Friday, August 31, 2007

Fighting consumerism with more, better consumerism

In The Old Country getting ready to go to school for the first time meant finally getting your hot little hands on a school uniform. It was the most beautiful thing I had ever seen, that uniform, but I am pretty sure that was because of the most excellent cultural conditioning and of what the uniform symbolized-- the entry into that cooler than cool club-- rather than its actual aesthetic. Because its actual aesthetic? Not so much, at least not in its everyday version, what with its brown and black color scheme.

The point of this particular trip down memory lane is that in this country the hallmark of sending a child to school, and to Kindergarten in particular, is (correct me if I am wrong, of course) acquiring a lunch box. Have you tried that lately? Because I am apparently completely out of touch with the recent developments in the lunch box evolutionary history. I remember plastic or metal, but mostly plastic, with some design or other on it. Now it's mostly cloth with insulation on the inside. I was, to my credit, aware of the increasingly popular merchandising of said lunch boxes with beloved cultural icons of the generation. I mean, what Dis.ney release would be complete without a corresponding lunch box or three?

But still, I believed that equipping my first-born with a lunch box that would be both practical and acceptable, in that I would not be subjecting myself to the daily danger of either falling into a diabetic coma due to its unbearable cuteness or throwing up due to its disgusting gender and cultural conditioning, would be a relatively easy proposition. And so armed with this overly optimistic expectation we set off for the big box toy store OF DOOM (I am totally cribbing Niobe here). The choice of locale, for the record, was due to my aunt bestowing upon Monkey a gift card to the said retailer OF APOCALYPSE. If you are curious as to why I believe that place to be truly EVIL, you should try walking in with a five year old girl. Because I find that even the best-behaved and mature of them turn into whiny whining whiners when confronted with the overabundance of the pink! displays! of! Bar.bie! merchandise! OF DEATH. But I digress.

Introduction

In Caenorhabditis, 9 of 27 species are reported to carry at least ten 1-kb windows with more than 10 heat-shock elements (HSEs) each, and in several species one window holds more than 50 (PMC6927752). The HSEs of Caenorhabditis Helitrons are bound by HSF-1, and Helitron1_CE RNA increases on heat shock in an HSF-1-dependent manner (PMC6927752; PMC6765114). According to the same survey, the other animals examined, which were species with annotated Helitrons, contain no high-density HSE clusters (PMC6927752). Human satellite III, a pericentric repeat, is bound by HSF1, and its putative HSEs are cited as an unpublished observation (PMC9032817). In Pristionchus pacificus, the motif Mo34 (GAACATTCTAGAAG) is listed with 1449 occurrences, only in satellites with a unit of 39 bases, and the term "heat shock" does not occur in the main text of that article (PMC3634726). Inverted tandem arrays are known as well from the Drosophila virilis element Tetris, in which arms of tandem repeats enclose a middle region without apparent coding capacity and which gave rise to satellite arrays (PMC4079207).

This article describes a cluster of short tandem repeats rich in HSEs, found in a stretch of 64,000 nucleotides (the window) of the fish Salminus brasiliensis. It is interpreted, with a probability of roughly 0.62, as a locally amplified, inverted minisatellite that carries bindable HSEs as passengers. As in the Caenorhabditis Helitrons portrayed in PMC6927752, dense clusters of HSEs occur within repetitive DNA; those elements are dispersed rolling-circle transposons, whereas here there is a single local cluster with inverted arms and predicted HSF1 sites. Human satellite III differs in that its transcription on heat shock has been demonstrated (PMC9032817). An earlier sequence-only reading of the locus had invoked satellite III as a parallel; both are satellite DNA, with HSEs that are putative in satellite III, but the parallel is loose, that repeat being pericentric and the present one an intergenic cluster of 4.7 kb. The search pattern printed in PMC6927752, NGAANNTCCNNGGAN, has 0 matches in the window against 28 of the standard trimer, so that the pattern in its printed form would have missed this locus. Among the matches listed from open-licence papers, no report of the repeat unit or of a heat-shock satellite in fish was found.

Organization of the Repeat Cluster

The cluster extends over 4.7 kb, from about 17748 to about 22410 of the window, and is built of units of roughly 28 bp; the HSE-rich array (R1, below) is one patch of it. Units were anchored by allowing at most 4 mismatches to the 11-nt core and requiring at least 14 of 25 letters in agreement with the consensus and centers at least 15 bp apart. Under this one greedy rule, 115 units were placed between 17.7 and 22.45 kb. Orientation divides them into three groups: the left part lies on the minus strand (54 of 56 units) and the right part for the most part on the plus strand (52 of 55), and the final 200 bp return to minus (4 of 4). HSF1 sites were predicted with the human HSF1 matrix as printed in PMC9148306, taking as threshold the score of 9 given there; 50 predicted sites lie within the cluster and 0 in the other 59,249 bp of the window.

So we went there. And found nothing, and I mean nothing, we could agree on. Lunch boxes merchandised with the characters Monkey wanted to take home and I could put up with were just impractical. And the one shape of the thing I thought would work for our purposes didn't come in any characters she was interested in investing with the awesome responsibility of guarding her sustenance and simultaneously telling her classmates who she is as a person. Or something like that. We left sans the lunch box.

That was over a month ago. A little bit later, while Monkey was enjoying her time with grandparents, I found an excellently practical lunch box at a price club where we shop. It zipps along the top, rather than on the side, it is roomy, and it comes with three containers, all fitting neatly inside, one even with extra insulation for promised maintenance of thermal state of its contents over extended periods of time. When Monkey got back, I took her to the store to show her what I found and to have her select from among the multitude of available choices (pink or blue-- original, I know). She didn't want anything to do with it. It was too plain. We would decorate it ourselves, I promised, it will be the best lunch box ever. I suppose it is a sign of Monkey being five and under the illusion that mom knows what she is talking about that she agreed to this plan.